A trip to Afghanistan against fear and prejudice. Interview with Mario Aurino

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Pau Monfort
@paumonfort
SOURCES CONSULTED:

wikipedia.org, lonelyplanet.com

Author and references

I have known "virtually" Mario Aurino recently thanks to some beautiful ones photo about Afghanistan which he posted in a travel group on Facebook. Although it is "only" photos, his post has sparked a lot of controversy (so much so that it has been banned from the group) and I decided to take an interest in his story. I then contacted him to find out if he was available to tell me about his amazing trip to Afghanistan, a country that has always fascinated me and which, unfortunately, is considered (in the collective imagination but not only) among the most dangerous in the world.



This is his story and that of his fantastic journey.

Mario Aurino was born and lives in Sorrento. After the classical high school diploma he enrolled in Law graduating in Forensic Address which was followed by a brief experience of legal practicum, occasional jobs, a Master, various collaborations in web journalists and a fruitful collaboration with Unicef, of which he was also a photographer in Official Events. Subsequently he decided to invest time and professional energy in the tourism sector and in the enhancement of its territory. He currently manages some holiday homes and provides advice for travelers who decide to visit his land.

Passionate about photography, he has been backpacking alone for over 10 years and has visited 40 countries on 5 continents, tackling decidedly unusual and unusual itineraries and destinations. A trip above all: in 2016 he crossed the entire African continent from north to south, from Alexandria in Egypt to Cape Town, alone, using only public transport. As he himself says, “I prefer to travel alone using only public transport, because I have always been fascinated by the idea of ​​dealing with the logistical difficulties that local people face. I love long journeys, those in which the slowness of the journey allows you to reinterpret the boundaries of time and space you are used to. I am in love with that sense of community that is created in long journeys by train, boat or bus in which time, space, food, expectations, anxieties and difficulties are shared and stories are told, arriving at their destination with a new, small family. A sort of journey within a journey ”.



When did you leave and how long did the trip to Afghanistan last?

I left on September 22, 2017. My journey lasted about two weeks. Unfortunately, there are bureaucratic constraints linked to the "tourist" visa that hardly allow longer stays. The length of the visa is determined by your flight plan and the detailed daily travel program required in which you must indicate and describe, day by day, the places you intend to visit.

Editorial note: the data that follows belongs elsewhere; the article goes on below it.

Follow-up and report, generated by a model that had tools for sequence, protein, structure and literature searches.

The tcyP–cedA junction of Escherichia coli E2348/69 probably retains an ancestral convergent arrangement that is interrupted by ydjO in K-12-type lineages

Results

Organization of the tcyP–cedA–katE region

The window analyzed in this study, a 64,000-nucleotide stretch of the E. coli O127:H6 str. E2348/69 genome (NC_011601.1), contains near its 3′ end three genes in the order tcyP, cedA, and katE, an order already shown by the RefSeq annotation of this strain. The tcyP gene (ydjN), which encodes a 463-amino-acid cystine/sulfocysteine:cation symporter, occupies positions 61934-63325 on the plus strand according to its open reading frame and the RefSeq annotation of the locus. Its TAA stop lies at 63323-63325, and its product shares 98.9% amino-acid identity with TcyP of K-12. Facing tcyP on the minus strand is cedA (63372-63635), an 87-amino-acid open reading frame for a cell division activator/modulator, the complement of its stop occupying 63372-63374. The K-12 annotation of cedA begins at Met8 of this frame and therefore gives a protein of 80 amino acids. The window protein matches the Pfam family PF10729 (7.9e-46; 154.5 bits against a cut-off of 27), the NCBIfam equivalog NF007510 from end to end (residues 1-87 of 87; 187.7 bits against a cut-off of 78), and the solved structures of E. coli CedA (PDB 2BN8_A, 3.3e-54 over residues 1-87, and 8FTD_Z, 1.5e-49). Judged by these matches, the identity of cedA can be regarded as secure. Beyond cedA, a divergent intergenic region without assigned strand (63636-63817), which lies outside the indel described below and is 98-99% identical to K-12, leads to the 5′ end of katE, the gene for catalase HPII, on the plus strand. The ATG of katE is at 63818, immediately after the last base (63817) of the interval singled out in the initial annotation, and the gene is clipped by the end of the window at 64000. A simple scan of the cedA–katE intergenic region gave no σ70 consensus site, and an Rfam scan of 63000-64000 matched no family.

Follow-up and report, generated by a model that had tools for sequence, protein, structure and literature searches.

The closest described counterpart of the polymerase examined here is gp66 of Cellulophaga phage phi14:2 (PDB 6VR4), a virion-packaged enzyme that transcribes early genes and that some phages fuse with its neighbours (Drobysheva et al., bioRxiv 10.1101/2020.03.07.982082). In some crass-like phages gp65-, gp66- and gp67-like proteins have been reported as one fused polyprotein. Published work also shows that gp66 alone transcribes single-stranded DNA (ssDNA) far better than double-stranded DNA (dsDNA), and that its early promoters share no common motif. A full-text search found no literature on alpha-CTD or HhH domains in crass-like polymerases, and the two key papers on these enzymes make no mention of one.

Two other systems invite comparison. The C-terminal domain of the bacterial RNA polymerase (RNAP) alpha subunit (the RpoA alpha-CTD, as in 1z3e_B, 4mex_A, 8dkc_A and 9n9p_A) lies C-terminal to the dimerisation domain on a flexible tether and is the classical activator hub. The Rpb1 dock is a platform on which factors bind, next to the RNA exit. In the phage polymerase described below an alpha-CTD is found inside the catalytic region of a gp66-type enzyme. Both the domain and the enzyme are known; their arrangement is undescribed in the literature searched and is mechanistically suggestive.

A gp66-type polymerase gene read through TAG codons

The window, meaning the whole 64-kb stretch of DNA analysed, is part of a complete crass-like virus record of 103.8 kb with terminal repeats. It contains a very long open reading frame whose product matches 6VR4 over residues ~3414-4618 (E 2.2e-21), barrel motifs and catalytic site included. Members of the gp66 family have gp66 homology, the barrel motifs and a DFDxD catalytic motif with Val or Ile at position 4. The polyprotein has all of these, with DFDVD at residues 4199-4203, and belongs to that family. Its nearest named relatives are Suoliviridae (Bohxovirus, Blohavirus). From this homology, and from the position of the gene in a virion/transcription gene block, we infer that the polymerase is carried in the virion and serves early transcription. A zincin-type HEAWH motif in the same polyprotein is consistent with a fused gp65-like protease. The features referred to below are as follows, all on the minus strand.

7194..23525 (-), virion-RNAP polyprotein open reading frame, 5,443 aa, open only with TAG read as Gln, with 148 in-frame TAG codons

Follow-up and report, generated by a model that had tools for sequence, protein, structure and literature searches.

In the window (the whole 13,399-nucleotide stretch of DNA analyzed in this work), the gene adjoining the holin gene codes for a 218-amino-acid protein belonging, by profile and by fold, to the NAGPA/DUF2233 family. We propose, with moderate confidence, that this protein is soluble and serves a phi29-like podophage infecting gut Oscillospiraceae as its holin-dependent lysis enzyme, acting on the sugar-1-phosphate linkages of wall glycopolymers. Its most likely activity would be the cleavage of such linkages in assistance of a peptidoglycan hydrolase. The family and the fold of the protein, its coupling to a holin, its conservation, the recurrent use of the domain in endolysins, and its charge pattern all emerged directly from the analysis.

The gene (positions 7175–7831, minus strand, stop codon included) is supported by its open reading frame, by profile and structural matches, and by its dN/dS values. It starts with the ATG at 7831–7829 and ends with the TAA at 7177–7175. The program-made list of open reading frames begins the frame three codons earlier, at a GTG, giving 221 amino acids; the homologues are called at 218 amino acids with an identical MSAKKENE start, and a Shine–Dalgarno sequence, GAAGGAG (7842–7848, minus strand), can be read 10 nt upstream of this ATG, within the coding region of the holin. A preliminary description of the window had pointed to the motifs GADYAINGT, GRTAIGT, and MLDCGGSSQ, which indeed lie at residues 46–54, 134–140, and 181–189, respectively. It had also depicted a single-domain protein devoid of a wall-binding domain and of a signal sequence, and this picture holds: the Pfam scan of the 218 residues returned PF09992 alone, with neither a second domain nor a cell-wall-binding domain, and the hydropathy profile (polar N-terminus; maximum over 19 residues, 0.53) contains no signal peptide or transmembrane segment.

When did you start thinking about going to Afghanistan and why (have you already been to Pakistan or other neighboring countries?)

The choice of Afghanistan was born quite randomly. In reality my original project was to cross Asia by land, starting from Spain to Beijing, passing through Eastern Europe, Turkey, Iran, Turkmenistan, Uzbekistan, Kazakhstan, China, without touching Afghanistan and retracing, with some deviations, one of the ancient Silk Roads. During my research on Central Asia, by chance, I came across some articles and photographs that told the history and some itineraries of Afghanistan before the Middle East crisis, trying to offer a broader and more articulated overview than that that today's Western media feed us. It was love at first sight! Over the next few weeks, I tried to refine my research and began to feel an inexplicable empathy with this nation. The rest came by itself in a completely natural way, causing me to set aside my old project, to launch myself in this new adventure.

On some previous trips I had been to China, Myanmar and Pakistan, but, on balance, I can say that Afghanistan truly represents a world apart, which has no comparison with neighboring countries.


How long did it take you to prepare and organize the trip (visa times, permits, etc. but not only) and where did you find practical information on the country (what to see, how to get around, where to sleep, etc.)? Don't think there is the Lonely Planet of Afghanistan?